A brief history of the Molson Pilsner: Not a Saskatchewan beer, but a Lethbridge beer

The Molson Pilsner is a beer that many know and love.

But many probably don’t know its origin story.

“Over time, it really has become associated with Saskatchewan,” said Belinda Crowson, president of the Lethbridge Historical Society. “And so there’s a need to remind people that it has a longer history than that.”

Fritz Sick, grandfather of the Molson Pilsner, moved to Lethbridge in 1901. Originally from Germany, he had a long history of working in breweries.

Undated photo of Fritz Sick
Undated photo of Fritz Sick. Courtesy: Galt Museum and Archives

So, he started one in the province. It was called Alberta Brewing and Malting Co. One of his well-known early beers was called Alberta’s Pride.

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Crowson said that Lethbridge is actually a perfect spot for a brewery.

“You need the beer, which is grown locally, you need good, clean water, which we have here, and you need skilled people, which [Fritz] certainly was,” Crowson said.

Fritz Sick’s original brewery in Lethbridge in 1903
Fritz Sick’s original brewery in Lethbridge in 1903. Courtesy: Galt Museum and Archives

Over the next 15 years, Sick turned the brewery into a booming business. Crowson calls him one of Lethbridge’s early entrepreneurs.

That is until prohibition hit Alberta in 1916.

Hard times hit Sick and his business. But that didn’t stop him.

Sick expanded his business and bought more breweries. He changed the name to Associated Breweries of Canada Ltd. The breweries were all named “Sick’s” and identified by where they were located.

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In 1926, two years after prohibition ended, Fritz launched what we would today call a successful marketing plan.

Undated photo of a man working in Sick’s brewery. Courtesy: Galt Museum and Archives

“He made this big fanfare,” said Crowson. “It was this beer that he had wanted to bring around for a very long time but he couldn’t introduce it until after prohibition was over.

“He said that the other breweries just didn’t care about their customers as much as he did, and they just didn’t have as much knowledge or experience.”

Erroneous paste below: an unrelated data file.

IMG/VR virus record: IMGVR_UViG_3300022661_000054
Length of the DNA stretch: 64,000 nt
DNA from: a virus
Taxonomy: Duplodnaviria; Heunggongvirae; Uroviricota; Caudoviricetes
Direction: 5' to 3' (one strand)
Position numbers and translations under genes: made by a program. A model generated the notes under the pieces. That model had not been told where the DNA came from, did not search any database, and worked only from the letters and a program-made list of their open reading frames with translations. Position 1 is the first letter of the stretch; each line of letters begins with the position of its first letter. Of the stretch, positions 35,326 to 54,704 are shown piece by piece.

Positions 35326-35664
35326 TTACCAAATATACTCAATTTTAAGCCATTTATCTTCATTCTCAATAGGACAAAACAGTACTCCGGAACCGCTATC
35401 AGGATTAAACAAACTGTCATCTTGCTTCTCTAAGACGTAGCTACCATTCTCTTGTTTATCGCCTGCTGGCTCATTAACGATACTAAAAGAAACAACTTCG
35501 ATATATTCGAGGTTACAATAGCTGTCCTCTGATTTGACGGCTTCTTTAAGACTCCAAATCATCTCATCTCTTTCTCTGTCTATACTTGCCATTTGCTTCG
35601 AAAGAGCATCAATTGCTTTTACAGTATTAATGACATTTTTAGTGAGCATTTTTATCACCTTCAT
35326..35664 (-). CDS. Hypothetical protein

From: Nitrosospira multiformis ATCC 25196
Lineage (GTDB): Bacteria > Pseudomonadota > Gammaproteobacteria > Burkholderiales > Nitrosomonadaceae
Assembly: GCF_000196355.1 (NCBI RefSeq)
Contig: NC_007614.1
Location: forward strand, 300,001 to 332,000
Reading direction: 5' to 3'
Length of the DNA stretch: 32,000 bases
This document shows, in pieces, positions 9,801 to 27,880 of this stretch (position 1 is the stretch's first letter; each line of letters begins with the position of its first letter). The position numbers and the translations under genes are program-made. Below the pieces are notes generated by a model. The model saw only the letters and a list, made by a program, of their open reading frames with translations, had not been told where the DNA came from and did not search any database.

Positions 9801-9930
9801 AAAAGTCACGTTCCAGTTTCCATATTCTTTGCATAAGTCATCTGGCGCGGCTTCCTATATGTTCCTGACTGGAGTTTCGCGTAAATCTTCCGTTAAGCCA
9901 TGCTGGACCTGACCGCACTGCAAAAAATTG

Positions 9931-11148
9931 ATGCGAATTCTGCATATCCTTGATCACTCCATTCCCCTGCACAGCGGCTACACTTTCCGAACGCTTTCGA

Enter, the Pilsner. The original label was designed by his daughter, Louise Sick. The top left has the “House of Lethbridge,” which identifies that the beer came from the Lethbridge brewery.

Original label of the Pilsner designed by Louise Sick
Original label of the Pilsner designed by Louise Sick. Courtesy: Galt Museum and Archives

Across the label are different things Louise thought represented southern Alberta and the brewery.

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“It represents a history of southern Alberta in many cases, but much of that you’d have to know Lethbridge history to understand,” said Crowson.

Sick’s son, Emil Sick, eventually took over the brewery business. He expanded further, even going to the United States. In 1944, Associated Breweries of Canada Ltd. changed its name to Sick’s Breweries Ltd.

Sick’s Brewery was a proud supporter of the Lethbridge community. They even had a float in a parade. Courtesy: Galt Museum and Archives

In 1958, Sick management came to an end when Molson took control.

But the Pilsner legacy continued.

“The Molson Pilsner is the continuation,” said Crowson. “So once Molson took over, they took over the Pilsner as well.”

Molson ran the Lethbridge brewery until it was shut down in 1990. A year later, it was torn down, taking with it the history of a well-known beer.

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A Pilsner bottle on display at the Galt Museum and Archives in Lethbridge. Courtesy: Galt Museum and Archives

“The brewery has been gone for 30 years. So there have been 30 years of people not recognizing a connection with that beer history. In that amount of time, a lot of people have come and gone from Lethbridge without knowing,” said Crowson.

But the impact that Sick’s brewery had in Lethbridge was huge. It started with just him and his family but eventually turned out to be one of the largest employers in Lethbridge.

“If you talk to anybody whose family is from around here, chances are that somebody has worked at the brewery back in the day,” said Crowson.

The building may be gone, but the beer lives on.

Pilsner label from Sick’s Brewery in Regina. Courtesy: Galt Museum and Archives

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